There is a library sale in my own town next weekend. This sale will be $1 for every hardback book for adults. I think I will go to that and pick out some books to use for altering. The sale that I attended yesterday was charging $2, $3 and up for the hardback books.

Saturday, November 05, 2005

Bought Glazing Medium and Books at Library Sale

Okay after 4 days of not leaving the house, last night I got cabin fever. (We were quarantined with a very contagious virus with one of my son’s and the other was sick as well.) Anyway when my husband got home, I burst out of here to go where? To the big craft store with my 40% off one non-sale item in hand.

At the top of my list of things to buy was acrylic glazing medium. The store had only one brand of Glaze in the whole place (Plaid Folk Art--2 oz for $3.99) and it was sold out, confirmed by sales person.

I bought a die cutter in the shape of a postage stamp with my coupon, to use for making collage and ATCs.

They had Anita's acrylic paints on sale for 4/$1. I picked out 4 brown tinted colors to use to make things look vintage.

I really wanted the glaze so off to Home Depot I went (2 minute drive away) and faced the large and scary paint dept. (Did I mention I hate going into Home Depot and avoid it at all costs?) Found a quart of Behr brand “Faux Glaze” for $8.50 (what a bargain). Picked up a few paint samples and a few formica countertop samples for crafting, and ran home to try the glaze.

I knew I was saving those 1 oz. glass jars from hotel condiments for something…I had 16 saved in a box of stuff to use for arts and crafts. They are now filled with 16 different colors of glaze. I used the new colors plus acrylic paints and artist pigments that I already owned.

Wow, this the glaze is great. I tried it on some sample papers. I can’t wait to make ATCs with it.

I also am starting my first altered book tomorrow. Yippee I am happy.

Actually the instructions for how to use the glaze on the wall seem so easy I may just be the one to paint the bathroom which we peeled the wallpaper off of 4 years ago but it remains unfinished…

Oh and on the spur of the moment I went to a library book sale today and bought some books to use in making ATCs and also to use as altered books. That is the ultimate bargain—buying books for $1 or $2 and getting lots of pages to use to make art. I got a great German dictionary and a 5 inch thick English dictionary and an antique book with fish diagrams and an antique trig math textbook plus the ones I will turn into altered books.

My other time today was spent doing housework. Tomorrow I hope to make some art.

Friday, November 04, 2005

How To Figure Out if Something is in the Public Domain

I am reading a book on the art of collage published in 2004, Collage Discovery Workshop by Claudine Hellmuth. Apparently there is a bit of controversy about using copyrighted images and words in new works of art/collage.

This book refers readers to read about the issue at this site: an article. I have not read it yet.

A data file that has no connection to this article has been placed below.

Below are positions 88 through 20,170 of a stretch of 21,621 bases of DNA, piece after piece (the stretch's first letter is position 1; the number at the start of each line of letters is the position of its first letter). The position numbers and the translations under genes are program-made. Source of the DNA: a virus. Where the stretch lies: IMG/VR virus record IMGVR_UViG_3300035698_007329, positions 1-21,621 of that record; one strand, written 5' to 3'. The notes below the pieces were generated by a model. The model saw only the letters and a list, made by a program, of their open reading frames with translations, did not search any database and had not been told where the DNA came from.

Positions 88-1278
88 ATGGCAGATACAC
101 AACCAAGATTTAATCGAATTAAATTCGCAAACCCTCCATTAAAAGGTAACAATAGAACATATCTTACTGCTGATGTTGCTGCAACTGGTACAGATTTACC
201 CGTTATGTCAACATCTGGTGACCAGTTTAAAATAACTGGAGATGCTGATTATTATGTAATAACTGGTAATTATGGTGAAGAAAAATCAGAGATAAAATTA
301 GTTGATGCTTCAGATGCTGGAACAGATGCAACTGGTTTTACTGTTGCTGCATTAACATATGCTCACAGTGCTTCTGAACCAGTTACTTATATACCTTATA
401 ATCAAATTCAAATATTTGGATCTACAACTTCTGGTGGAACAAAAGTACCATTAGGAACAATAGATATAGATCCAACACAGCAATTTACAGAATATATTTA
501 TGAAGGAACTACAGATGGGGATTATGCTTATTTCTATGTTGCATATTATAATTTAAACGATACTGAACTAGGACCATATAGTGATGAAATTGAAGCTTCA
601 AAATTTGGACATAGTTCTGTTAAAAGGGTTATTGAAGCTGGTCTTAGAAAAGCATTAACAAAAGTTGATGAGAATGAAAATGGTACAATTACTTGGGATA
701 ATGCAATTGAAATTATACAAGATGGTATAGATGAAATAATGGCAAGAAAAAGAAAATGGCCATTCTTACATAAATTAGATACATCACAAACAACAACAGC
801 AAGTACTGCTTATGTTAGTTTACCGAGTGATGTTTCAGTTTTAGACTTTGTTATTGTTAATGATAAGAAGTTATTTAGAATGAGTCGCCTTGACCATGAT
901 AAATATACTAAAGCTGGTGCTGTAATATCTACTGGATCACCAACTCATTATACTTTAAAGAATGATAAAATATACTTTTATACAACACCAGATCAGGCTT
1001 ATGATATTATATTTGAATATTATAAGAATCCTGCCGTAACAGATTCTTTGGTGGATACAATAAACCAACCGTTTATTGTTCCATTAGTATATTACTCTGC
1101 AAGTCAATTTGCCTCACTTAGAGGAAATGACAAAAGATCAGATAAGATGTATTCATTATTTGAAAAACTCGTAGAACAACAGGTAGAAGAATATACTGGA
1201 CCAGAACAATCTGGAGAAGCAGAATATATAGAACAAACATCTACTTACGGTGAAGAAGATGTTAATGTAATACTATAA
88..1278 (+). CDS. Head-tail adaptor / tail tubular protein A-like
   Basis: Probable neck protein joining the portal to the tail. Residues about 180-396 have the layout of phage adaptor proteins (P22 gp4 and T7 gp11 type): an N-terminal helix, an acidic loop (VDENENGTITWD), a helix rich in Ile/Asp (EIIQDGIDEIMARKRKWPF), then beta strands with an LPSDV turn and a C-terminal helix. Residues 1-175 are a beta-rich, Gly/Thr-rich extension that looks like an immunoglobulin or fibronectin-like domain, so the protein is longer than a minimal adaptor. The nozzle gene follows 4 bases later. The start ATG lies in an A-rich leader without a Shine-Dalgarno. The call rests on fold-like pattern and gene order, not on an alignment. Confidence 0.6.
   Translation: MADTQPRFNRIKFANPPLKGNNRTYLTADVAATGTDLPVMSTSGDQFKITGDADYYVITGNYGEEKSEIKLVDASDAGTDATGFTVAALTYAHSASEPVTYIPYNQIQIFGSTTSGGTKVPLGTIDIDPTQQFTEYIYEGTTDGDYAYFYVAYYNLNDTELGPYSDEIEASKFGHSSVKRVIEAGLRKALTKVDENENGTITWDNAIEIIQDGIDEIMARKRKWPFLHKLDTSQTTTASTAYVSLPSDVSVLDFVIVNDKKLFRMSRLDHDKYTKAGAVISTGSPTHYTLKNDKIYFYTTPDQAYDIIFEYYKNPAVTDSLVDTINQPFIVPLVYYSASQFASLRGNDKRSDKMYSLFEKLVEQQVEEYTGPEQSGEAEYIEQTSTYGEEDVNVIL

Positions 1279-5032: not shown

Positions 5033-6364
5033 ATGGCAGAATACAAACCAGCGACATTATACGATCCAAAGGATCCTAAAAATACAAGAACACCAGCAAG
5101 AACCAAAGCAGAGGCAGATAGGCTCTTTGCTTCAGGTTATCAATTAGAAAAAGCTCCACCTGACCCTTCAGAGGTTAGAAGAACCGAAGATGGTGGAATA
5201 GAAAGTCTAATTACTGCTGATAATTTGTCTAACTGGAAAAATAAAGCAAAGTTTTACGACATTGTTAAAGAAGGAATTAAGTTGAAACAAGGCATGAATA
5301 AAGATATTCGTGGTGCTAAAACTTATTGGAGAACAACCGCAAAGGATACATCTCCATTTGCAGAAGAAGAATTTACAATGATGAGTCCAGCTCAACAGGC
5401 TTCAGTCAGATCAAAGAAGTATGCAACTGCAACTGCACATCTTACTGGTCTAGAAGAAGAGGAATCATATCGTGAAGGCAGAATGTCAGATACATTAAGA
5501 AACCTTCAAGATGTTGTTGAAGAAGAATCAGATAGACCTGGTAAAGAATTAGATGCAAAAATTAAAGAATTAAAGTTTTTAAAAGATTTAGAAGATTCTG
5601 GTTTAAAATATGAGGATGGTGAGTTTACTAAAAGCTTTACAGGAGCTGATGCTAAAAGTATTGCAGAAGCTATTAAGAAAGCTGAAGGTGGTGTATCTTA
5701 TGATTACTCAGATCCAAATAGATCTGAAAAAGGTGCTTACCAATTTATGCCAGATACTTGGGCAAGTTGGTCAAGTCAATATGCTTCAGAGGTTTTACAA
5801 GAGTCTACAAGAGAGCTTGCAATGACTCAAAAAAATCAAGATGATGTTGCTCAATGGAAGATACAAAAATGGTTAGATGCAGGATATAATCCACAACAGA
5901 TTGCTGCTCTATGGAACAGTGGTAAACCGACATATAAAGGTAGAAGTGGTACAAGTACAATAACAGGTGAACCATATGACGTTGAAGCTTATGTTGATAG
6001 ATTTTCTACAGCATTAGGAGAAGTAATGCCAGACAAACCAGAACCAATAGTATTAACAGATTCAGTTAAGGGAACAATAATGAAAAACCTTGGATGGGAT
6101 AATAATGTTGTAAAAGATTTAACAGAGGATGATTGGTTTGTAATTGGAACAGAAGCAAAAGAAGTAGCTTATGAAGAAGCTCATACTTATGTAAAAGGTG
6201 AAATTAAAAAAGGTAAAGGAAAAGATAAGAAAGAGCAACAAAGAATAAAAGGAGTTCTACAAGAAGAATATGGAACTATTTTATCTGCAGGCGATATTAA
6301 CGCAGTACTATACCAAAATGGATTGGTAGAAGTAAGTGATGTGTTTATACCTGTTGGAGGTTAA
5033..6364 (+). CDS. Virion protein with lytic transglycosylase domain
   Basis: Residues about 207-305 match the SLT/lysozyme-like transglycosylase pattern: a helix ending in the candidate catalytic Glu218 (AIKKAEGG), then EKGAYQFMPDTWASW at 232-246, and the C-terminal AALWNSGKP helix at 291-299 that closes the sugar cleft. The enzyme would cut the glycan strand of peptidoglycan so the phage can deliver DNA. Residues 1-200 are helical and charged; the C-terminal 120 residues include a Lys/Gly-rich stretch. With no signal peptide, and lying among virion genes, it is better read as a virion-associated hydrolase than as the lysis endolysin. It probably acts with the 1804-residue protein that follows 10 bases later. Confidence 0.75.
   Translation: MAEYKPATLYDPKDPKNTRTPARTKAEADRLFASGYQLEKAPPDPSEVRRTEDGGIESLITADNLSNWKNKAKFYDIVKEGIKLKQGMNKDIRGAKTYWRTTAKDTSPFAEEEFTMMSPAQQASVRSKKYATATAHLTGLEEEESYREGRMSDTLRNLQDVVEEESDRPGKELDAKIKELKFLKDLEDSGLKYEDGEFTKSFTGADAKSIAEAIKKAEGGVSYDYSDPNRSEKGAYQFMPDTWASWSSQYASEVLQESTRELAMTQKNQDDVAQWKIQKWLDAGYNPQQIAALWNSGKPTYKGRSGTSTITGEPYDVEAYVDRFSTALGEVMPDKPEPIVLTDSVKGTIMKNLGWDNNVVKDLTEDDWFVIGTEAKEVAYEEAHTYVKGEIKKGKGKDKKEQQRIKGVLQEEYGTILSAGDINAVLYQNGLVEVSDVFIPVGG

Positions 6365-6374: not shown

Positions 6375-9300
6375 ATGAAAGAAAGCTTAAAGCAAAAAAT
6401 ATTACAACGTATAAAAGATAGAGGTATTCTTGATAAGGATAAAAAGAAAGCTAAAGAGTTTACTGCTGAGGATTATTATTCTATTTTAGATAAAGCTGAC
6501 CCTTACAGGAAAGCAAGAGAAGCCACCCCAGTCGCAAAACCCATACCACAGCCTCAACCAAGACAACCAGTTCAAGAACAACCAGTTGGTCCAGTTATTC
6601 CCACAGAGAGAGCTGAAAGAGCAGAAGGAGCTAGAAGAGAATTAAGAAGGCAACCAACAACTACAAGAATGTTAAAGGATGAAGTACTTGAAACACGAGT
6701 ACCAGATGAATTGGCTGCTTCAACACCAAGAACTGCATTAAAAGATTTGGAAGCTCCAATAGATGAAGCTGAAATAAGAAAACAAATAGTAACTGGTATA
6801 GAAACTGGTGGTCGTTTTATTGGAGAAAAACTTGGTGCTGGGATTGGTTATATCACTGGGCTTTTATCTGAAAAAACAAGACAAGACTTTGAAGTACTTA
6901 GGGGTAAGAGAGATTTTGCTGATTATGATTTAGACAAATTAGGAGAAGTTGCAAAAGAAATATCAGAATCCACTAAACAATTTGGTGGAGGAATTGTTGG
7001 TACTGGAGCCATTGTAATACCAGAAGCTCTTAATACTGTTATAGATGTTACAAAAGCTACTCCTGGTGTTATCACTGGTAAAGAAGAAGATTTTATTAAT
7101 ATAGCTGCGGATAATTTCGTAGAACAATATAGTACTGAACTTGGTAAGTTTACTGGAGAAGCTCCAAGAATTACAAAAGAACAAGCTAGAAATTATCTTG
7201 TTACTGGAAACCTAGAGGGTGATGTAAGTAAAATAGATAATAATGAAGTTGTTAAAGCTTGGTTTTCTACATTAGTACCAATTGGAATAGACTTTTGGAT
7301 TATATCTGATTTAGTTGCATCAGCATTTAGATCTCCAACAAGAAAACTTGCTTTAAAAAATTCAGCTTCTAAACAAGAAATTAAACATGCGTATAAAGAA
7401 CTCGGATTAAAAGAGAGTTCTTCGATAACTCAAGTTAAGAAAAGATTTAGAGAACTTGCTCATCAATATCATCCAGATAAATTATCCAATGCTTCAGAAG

But here is the better thing. Here is a whole book about how to figure out if something is copyright free or not, checklists and directions.
The Public Domain: How to find and use copyright-free writings, music, art & More by Attorney Stephen Fishman ISBN 0873374339
$23-ish in paperback on Amazon

Anyway I see one Amazon reviewer said he is republishing books which are in the public domain and this book answered all of his questions.
Then again $23 is a very low investment in a business venture or career, isn't it?

Maybe I could use this to start some new home based career for myself… and make our family some money. Hmmm.

Thursday, November 03, 2005

Big ATC Making Day Yesterday

My children are sick. One child has a very contagious viral infection. Responsible parents will heed the warnings to quarantine children who have this virus, so that is what I am doing. This means our various plans, classes, and playdates are all cancelled. The other son is also sick with what looks like the beginning stages of this same sickness, so he is quarantined as well. We homeschool so they don’t have to go out of the home to go to school. But while so sick with fevers that come and go, doing homeschooling academic work is not appropriate. So we have a lot of free time on our hands. When not resting, napping, or sleeping late in the morning, they are playing or making art.

Yesterday both boys were feeling pretty well. My older son got up first and I asked him to put something away in the basement. While down there he saw a Scratch Art kit and brought it up and asked if he could do it (of course I said yes—I have no limits for my children doing artwork). When that first kit was finished, he went back down for another kit. When my younger son woke up, he joined right in. They ended up tearing through all of the kits. I had bought these 1.5 years ago and after doing them a little, they sat untouched all this time (stored with my art supplies in the basement). All total both children worked on them nearly continuously for 10 hours yesterday! We had all four styles of these Scratch Art kits. My older son was even developing a blister from the wooden stylus so I suggested he try wearing a winter glove on that hand, which he did, and it worked. Pretty funny, huh? He was too into making the art to stop just because of a blister.